Along with fit and wellness, ideas such as enlightenment or enrichment are part of the luxury experience: From local suppliers to the most exotic and remote sources, everything is available to the shopper, opening her eyes and mind to the next opportunity, or the next big thing.
As architects and designers, our goal is to express through our experiential designs, to offer opportunities for reflection and discovery. The luxury brand opens a world to the customers, showing them “how to live,” to borrow an idea from Frank Lloyd Wright.
In this way, the elevated and memorable luxury experience is truly an opportunity to design a gateway to another realm. We often use the highest-quality materials, finishes and systems to make it happen, but our hardest work is simply to pull back the curtain and expose the world of genius behind each luxury maker. Working with fashion leaders such as Versace, Theory, Helmut Lang and Jimmy Choo — and Aston Martin — we’ve had the opportunity to not only learn about those lofty realms, but also to see how the brand masters conjure new environments for accessing them.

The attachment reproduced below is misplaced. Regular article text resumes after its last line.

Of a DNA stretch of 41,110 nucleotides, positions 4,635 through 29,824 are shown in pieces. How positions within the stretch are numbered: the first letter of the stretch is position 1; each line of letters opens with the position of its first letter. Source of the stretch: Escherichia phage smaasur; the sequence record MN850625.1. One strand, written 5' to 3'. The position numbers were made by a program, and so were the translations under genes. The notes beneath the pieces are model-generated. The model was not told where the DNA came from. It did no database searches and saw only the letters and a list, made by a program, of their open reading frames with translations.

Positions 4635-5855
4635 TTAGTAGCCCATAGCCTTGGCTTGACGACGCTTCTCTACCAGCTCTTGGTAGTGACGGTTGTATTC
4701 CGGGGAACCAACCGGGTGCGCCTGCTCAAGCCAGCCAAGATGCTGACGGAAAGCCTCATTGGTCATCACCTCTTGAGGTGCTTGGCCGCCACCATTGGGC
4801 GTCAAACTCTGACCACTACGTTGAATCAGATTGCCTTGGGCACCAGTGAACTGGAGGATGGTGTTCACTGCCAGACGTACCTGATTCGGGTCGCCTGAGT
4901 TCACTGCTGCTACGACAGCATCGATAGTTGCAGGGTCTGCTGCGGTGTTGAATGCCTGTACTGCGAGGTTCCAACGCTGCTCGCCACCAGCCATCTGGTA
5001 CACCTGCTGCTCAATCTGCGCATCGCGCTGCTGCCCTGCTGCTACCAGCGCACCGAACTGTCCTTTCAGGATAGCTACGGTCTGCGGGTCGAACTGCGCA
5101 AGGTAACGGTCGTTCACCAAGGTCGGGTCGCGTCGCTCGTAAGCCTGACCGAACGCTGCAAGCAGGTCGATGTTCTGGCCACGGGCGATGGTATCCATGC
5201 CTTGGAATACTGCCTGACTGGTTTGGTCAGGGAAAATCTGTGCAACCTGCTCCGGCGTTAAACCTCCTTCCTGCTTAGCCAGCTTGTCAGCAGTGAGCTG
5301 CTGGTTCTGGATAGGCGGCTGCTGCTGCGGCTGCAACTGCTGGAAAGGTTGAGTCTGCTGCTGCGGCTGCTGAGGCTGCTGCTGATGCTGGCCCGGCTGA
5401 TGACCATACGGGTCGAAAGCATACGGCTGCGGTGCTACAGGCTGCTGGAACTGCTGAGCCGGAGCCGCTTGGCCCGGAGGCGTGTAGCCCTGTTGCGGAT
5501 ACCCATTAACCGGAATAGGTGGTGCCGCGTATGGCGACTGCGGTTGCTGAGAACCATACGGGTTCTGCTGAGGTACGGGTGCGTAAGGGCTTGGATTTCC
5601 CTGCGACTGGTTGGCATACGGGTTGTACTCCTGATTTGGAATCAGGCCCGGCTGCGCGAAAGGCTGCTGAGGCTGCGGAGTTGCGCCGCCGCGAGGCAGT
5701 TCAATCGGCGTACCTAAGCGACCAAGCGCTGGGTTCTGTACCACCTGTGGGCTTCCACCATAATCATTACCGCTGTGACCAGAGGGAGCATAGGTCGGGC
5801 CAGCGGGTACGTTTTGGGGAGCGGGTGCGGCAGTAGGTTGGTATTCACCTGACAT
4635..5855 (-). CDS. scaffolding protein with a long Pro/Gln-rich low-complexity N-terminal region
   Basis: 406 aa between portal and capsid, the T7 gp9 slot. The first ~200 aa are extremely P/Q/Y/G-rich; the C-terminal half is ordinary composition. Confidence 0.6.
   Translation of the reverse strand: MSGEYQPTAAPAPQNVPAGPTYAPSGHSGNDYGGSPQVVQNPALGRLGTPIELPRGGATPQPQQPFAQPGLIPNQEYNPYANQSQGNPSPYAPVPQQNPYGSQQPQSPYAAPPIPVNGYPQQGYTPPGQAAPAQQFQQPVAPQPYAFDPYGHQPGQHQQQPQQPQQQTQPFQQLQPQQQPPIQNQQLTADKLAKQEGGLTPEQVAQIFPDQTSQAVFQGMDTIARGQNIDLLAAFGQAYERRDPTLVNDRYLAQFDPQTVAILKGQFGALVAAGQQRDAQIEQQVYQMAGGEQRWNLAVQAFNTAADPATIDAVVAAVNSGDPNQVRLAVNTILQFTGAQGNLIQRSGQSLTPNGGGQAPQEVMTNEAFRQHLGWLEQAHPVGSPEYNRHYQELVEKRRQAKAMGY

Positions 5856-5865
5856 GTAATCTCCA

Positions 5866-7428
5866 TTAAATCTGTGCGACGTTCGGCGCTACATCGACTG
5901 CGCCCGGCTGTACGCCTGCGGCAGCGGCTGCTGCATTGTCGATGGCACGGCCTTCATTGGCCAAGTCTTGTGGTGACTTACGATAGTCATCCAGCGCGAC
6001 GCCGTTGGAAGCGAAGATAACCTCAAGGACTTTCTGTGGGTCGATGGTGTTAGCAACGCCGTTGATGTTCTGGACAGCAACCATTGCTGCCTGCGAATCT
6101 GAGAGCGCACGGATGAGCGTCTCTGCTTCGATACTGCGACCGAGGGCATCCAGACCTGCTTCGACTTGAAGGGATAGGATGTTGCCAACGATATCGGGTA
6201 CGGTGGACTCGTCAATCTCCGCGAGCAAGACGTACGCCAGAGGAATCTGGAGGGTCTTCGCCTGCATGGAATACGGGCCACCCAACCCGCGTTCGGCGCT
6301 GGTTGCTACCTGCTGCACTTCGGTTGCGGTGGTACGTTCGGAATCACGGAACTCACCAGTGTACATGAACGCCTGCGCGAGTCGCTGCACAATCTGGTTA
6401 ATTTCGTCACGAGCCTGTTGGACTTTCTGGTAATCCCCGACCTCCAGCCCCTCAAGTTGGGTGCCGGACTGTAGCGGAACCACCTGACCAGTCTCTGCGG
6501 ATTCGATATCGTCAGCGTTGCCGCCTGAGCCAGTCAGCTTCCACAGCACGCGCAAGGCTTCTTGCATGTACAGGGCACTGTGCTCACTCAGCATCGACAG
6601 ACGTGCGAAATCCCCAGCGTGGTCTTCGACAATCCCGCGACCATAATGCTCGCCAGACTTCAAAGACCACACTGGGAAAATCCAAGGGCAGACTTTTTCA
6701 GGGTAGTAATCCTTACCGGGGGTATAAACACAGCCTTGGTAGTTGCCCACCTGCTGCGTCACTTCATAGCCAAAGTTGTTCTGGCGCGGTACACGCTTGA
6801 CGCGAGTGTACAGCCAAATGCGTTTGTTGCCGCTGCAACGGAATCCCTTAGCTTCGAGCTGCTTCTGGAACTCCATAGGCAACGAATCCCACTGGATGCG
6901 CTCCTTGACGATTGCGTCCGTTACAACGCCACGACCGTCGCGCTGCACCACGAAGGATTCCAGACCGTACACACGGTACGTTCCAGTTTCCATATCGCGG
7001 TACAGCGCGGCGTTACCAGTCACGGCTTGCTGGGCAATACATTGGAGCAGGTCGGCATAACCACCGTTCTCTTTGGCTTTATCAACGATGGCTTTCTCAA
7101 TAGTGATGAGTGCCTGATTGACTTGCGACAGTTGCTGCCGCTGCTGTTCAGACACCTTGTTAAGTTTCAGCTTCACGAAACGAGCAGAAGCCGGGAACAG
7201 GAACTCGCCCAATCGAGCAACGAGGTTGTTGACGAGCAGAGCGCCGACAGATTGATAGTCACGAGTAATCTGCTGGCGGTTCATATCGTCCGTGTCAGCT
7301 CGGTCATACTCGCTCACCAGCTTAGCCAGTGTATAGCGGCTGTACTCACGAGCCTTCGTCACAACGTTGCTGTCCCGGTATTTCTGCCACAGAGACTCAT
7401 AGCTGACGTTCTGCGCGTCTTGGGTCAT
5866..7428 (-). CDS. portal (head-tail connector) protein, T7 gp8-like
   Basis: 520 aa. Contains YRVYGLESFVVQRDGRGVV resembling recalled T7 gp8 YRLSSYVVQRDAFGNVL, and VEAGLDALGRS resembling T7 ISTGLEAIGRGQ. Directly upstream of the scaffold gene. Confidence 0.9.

Founded in 2011, AZA is one of the world’s best-kept secrets — and among the most influential architecture and design consultancies for the luxury retail sector. Taking on “everything luxury branded” in global markets, Founder and Principal Architect Alexander Zilberman, AIA, NCARB, has worked with fashion leaders Theory, Jimmy Choo, and Helmut Lang, and his firm has created a prominent Versace store on Madison Avenue in New York and the first major showroom for Aston Martin in North America, Q New York. Other brands relying on AZA Alex Zilberman AIA include Equinox Gyms and Soho House, as well as a new building now in development near Philadelphia for luxury watchmakers.